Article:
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Steven Mintz
United States
My ethics knowledge and wisdom gives me a unique perspective on accounting and business ethics, fraud and whistle-blowing, societal and workplace ethics issues.
Interests: Reading, writing, blogging, ethics advice, traveling, eating, sports
Recent Activity
Reasons and Rationalizations for Unethical Conduct Are there specific signs to look for of impending collapse of an organization? In her book The Seven Signs of Ethical Collapse, Marianne Jennings analyzes the indicators of possible ethical collapse in companies and provides advice how to avoid impending disaster. Jennings starts with... Continue reading
Posted 3 days ago at Workplace Ethics Advice
The Lost Art of Integrity in Business and Accounting Doing the right thing and blowing the whistle do not always pay off and can be an arduous task. A case in point is what happened to Anthony Menendez in his whistle-blowing ordeal at Halliburton. One day in February 2006, Menendez... Continue reading
Posted 4 days ago at Workplace Ethics Advice
A Changing Societal Ethic is Behind Recent Tragic Events Why did it happen? Who is to blame? How can we prevent a re-occurrence? These are questions that haunt me in the aftermath of the murder of five police officers and two civilians in Dallas just a couple of weeks ago and last Sunday when three police were lured to their death in Baton Rouge. And, they have haunted me for many months since Michael Brown was shot dead followed by Tamar Rice, Freddie Gray, and, most recently, Philando Castile and Alton Sterling. To me, this is not a black issue... Continue reading
Posted 6 days ago at Ethics Sage
The Act of Whistle-blowing: Ethical Issues Examined Are you thinking about becoming a whistle-blower under a federal law such as the Dodd-Frank Financial Reform Act or the Commodity Futures Trading Commission (CFTC)? You best first understand that any amount you receive is treated as ordinary taxable income by the IRS.... Continue reading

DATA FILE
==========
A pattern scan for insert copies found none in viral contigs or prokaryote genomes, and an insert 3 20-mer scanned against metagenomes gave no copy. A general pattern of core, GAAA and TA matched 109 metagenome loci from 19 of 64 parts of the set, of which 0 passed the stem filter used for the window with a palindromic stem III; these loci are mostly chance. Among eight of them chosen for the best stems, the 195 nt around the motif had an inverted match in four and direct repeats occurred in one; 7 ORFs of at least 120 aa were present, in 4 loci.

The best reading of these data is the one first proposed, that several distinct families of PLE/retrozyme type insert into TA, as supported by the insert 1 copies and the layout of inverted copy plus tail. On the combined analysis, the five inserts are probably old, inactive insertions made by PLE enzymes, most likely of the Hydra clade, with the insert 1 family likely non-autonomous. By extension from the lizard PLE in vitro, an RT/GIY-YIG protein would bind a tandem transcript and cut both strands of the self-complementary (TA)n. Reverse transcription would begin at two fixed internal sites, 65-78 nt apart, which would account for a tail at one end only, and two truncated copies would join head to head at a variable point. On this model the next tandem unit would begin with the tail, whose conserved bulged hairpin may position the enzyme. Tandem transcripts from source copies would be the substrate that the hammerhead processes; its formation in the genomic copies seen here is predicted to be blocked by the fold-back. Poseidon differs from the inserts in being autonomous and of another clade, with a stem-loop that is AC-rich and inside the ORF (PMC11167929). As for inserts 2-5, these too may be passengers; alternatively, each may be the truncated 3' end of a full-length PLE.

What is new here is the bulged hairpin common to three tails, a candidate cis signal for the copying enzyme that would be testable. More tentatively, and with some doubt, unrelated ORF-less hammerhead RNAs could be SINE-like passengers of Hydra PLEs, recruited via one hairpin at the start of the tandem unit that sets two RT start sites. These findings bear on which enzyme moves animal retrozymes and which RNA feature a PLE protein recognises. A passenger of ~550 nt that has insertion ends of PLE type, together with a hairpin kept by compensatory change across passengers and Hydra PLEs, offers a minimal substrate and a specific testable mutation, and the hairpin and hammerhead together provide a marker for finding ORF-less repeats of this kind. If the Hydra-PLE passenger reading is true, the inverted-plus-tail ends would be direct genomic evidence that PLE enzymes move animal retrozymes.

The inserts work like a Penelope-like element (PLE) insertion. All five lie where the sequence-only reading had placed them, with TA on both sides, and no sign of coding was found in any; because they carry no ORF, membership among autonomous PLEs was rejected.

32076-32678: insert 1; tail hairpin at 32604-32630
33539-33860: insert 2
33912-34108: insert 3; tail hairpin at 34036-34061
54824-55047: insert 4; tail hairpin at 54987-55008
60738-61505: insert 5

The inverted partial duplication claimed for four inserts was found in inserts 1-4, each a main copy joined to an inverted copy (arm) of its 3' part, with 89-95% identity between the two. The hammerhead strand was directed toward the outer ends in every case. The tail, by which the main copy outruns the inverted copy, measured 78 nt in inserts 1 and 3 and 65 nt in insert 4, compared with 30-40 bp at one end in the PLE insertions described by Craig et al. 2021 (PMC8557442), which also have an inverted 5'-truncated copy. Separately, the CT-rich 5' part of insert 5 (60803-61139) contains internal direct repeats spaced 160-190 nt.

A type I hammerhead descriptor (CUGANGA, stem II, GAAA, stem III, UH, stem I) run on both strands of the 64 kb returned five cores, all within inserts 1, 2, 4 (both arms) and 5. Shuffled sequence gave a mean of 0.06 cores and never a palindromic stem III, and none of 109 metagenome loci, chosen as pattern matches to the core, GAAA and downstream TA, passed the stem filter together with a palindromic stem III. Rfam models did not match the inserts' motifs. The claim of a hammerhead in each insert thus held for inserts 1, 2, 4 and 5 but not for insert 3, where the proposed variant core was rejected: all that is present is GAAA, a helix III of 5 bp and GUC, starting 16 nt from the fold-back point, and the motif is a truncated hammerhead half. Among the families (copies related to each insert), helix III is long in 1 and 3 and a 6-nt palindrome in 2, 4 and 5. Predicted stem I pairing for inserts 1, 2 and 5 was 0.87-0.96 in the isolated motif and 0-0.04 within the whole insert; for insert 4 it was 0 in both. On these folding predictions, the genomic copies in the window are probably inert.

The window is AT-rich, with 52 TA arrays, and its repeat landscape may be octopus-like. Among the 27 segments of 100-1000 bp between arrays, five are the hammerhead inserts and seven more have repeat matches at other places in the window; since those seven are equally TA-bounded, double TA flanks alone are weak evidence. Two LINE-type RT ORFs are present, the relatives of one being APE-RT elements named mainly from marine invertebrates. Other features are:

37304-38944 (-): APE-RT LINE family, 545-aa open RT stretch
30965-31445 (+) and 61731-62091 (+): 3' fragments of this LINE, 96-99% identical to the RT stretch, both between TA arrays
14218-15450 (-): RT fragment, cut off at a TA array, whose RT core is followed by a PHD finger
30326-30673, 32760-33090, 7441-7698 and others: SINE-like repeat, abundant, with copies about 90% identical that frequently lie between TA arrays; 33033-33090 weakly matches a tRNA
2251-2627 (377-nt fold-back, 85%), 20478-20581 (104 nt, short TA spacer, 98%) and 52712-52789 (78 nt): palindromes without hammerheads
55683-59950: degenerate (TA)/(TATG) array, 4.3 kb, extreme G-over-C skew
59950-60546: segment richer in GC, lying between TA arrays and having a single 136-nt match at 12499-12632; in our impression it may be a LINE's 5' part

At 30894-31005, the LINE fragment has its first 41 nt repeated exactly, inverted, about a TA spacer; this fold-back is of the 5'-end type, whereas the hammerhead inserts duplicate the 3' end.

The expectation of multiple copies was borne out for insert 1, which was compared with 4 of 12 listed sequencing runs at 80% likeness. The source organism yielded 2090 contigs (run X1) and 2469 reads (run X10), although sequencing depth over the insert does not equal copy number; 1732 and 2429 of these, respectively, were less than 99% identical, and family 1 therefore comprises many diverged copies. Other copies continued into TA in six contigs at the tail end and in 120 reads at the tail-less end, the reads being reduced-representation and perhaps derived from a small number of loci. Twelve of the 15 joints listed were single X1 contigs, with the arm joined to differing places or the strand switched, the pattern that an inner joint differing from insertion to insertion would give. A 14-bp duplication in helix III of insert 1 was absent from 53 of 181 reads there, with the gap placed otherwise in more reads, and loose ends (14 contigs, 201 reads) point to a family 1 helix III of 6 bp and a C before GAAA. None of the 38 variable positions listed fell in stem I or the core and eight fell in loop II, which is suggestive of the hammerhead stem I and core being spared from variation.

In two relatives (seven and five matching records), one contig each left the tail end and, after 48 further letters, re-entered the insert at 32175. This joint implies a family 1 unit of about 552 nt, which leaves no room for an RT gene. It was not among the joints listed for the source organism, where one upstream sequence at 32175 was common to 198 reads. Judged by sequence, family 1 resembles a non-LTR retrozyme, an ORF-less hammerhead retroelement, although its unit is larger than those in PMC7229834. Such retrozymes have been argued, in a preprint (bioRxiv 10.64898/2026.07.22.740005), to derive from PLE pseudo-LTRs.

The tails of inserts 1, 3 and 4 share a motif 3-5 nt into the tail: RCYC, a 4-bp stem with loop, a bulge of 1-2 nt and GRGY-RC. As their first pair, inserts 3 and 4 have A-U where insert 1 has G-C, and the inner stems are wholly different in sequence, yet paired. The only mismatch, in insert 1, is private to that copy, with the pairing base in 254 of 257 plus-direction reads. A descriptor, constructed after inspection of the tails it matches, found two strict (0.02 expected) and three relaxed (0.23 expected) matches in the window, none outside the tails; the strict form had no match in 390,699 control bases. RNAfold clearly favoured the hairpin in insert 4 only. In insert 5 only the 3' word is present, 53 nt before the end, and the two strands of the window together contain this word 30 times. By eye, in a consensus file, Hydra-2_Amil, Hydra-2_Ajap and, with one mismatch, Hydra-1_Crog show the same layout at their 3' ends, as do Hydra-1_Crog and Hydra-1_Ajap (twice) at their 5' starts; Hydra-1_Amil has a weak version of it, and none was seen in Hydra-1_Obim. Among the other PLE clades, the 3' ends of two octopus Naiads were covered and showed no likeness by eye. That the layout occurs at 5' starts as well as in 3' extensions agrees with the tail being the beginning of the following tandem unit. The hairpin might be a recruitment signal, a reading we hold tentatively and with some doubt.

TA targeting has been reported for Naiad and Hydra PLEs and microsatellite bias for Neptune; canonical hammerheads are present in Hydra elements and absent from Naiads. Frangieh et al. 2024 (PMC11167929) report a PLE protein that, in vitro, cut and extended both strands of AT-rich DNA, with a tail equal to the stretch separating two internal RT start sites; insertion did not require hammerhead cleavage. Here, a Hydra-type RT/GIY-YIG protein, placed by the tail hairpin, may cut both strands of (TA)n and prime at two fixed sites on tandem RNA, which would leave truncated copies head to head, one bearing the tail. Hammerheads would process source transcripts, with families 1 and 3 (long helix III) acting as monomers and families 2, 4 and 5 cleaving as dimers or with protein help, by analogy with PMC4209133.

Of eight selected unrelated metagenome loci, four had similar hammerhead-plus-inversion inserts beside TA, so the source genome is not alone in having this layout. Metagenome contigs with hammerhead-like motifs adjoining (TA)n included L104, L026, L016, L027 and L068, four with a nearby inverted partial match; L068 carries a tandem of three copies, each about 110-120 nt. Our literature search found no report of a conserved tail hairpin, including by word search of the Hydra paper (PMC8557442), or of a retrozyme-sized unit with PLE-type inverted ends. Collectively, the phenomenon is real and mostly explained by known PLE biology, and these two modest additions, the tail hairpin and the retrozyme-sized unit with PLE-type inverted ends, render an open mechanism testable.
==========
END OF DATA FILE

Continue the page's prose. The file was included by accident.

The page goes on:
Posted Jul 14, 2016 at Workplace Ethics Advice
Tuition-Free Public Education vs. the Importance of Developing a Work Ethic and Grit Last week presumptive Democratic nominee, Hillary Clinton, stole a play from Bernie Sanders’ playbook and proposed that public higher education be offered tuition free to all who are from families with incomes of up to $125,000. Estimates are that about 80 percent of American families would be able to avoid tuition at public colleges and universities. Clinton’s plan would start with students from families earning up to $85,000 a year and gradually lift the income threshold until it reaches $125,000, which the campaign said would happen by... Continue reading
Posted Jul 12, 2016 at Ethics Sage
Character-Based Leadership Underlies Ethical Decision-Making When we think about workplace ethics, the first thing that comes to mind is a code of conduct that influences the development of an ethical culture in the workplace. A code goes beyond what is legal for an organization and provides normative guidelines for ethical... Continue reading